Some hold the view that it is all a hoax. Others are great enthusiasts and believers of the Rennes-le-Château’s mysterious stories that have taken the world by storm in the past decades. Whichever of the sides you fall into, it doesn’t in anyway take the fact away that Rennes-le-Château remains a beautiful and inspiring place for visitors. Those who have made a visit to the small hilltop village have made varied views of their experiences in the village.
Some locations give more mystical feelings than others. When next you plan a visit and crave to have a great feeling beyond the natural, there are locations you can’t but get the mystic feeling when in Rennes-le-Château.
The Mary Magdalene’s Church
The church in Rennes-le-Château is very significant to the history of Rennes-le-Château. It is believed to have been founded by the biblical Mary Magdalene. To some school of thought in the entire Rennes-le-Château story, Mary Magdalene was believed to have moved to Rennes-le-Château with her children and claimed she was married to Jesus. Whether true or not, this partly contributes to the mystic feeling and why some people come visiting the Saint Mary Magdalene Church in this epic small village in the south of France.
When in the church, you’ll be greeted with a variety of strange things around. You’ll be warned right from the entrance with inscriptions such as “This place is terrible or in some translations, awe.” This means it is a strong, powerful and great place. You should also look out for some hidden messages that are engraved in stones. Tourists should know that the mysteries about the hidden treasures began here in the church when it was undergoing renovation work.
The Original Carolingian Altar Pillar
The pillar that supported the altar in the church was believed to have come from the Carolingian era between the 8th and 9th century. It was reported that Sauniere found a parchment in the hollow space of the engraved pillar. The number of parchments was put at four in total. The first of the parchments is believed to contain Latin text sections of Matthew XII -1-8, Mark II -23-28 and Luke VI-1-5. The second is believed to contain writings of the visit of Jesus to Lazarus in Bethania extracted from the gospel of John. The other is two genealogies both of Dagobert II, with dates from 1244 and 1644.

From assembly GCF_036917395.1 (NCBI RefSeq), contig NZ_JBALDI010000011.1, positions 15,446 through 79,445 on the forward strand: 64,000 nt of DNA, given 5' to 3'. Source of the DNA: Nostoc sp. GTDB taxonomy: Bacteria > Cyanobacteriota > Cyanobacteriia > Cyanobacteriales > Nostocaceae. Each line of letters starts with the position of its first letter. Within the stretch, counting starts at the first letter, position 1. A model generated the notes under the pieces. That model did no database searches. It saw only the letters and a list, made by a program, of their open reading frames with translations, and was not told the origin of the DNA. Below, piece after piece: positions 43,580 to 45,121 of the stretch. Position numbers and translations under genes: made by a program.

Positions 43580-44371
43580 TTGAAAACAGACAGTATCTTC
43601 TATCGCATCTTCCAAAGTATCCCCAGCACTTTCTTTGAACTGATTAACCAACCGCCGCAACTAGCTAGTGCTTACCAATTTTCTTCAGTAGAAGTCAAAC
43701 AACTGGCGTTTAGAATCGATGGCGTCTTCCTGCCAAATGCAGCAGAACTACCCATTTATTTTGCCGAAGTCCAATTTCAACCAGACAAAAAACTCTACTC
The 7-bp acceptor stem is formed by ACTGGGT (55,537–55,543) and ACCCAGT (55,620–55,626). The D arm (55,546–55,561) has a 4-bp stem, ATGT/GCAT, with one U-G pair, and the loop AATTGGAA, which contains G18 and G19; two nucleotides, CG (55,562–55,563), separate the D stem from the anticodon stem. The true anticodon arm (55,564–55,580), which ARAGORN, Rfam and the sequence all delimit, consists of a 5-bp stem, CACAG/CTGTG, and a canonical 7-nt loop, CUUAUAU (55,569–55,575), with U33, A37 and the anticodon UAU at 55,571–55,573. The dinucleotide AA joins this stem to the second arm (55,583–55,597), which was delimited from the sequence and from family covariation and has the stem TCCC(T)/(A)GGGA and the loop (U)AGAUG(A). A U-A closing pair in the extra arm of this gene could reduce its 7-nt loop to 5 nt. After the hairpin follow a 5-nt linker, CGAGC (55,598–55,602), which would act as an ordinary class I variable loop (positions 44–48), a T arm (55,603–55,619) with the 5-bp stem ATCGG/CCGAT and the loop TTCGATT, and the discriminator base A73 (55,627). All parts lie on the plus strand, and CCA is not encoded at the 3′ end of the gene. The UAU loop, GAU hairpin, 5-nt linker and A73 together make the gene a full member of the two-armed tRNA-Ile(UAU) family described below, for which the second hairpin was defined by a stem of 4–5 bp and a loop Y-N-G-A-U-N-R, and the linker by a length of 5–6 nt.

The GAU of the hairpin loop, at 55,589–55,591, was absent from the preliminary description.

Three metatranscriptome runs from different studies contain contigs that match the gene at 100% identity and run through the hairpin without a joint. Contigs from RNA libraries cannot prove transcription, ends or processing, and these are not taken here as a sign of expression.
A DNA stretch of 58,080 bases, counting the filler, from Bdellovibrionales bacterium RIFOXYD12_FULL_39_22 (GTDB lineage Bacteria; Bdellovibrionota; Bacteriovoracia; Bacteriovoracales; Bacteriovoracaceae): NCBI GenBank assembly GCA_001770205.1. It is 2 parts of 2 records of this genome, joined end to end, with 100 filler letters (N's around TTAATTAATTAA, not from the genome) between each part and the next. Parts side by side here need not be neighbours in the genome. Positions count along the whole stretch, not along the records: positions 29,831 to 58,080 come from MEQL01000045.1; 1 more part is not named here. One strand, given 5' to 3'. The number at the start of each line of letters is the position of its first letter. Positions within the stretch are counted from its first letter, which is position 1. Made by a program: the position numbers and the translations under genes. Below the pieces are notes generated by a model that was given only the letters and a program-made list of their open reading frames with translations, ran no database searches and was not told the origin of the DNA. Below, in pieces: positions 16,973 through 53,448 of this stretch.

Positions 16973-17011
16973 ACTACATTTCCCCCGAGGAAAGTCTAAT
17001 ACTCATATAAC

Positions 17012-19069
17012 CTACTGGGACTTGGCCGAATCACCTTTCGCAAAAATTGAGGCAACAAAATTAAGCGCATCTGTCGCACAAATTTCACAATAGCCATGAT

Many speculations have arisen from the placement of the pillar. Some researchers believe the pillar marks the outer wall of the crypt of the Eglise Madeleine. Judging from the Christian inscription of a cross decorated with branches and jewels, it is more of Carolingian than Visigoth origin.
The original pillar that once supported the altar of the church now plays a new role in the church. The size is reduced to support Our Lady of Lourdes statue that Sauniere installed at the garden by the church in 1891. The intriguing story behind the hollow in the pillar and the floor of the original pillar where it was claimed Sauniere hit gold makes visiting this spot a memorable one to take along when you leave the village. First-time visitors will particularly find this place a great one.
Father Sauniere lived in the Presbytery in his lifetime. He did some renovation work at the place. The presbytery is now turned into a museum and called the Berenger Sauniere’s Museum. There you’ll find everything you need to know about his life in the presbytery including his bedroom. When Father Sauniere died in 1917, his housekeeper, Marie Denarnaud occupied the place and only receives few visitors. She sold the place to the Corbu family with a clause to keep living in the property until her death. Entering into the bedroom that was formerly Sauniere’s will send some shivers through your nerves considering the sacred and mysteries connected to the man who once lived there.
There are other historic places with mystic feelings that rank among the top 10 spiritual places in the world besides this small village at the hilltop called Rennes-le-Château.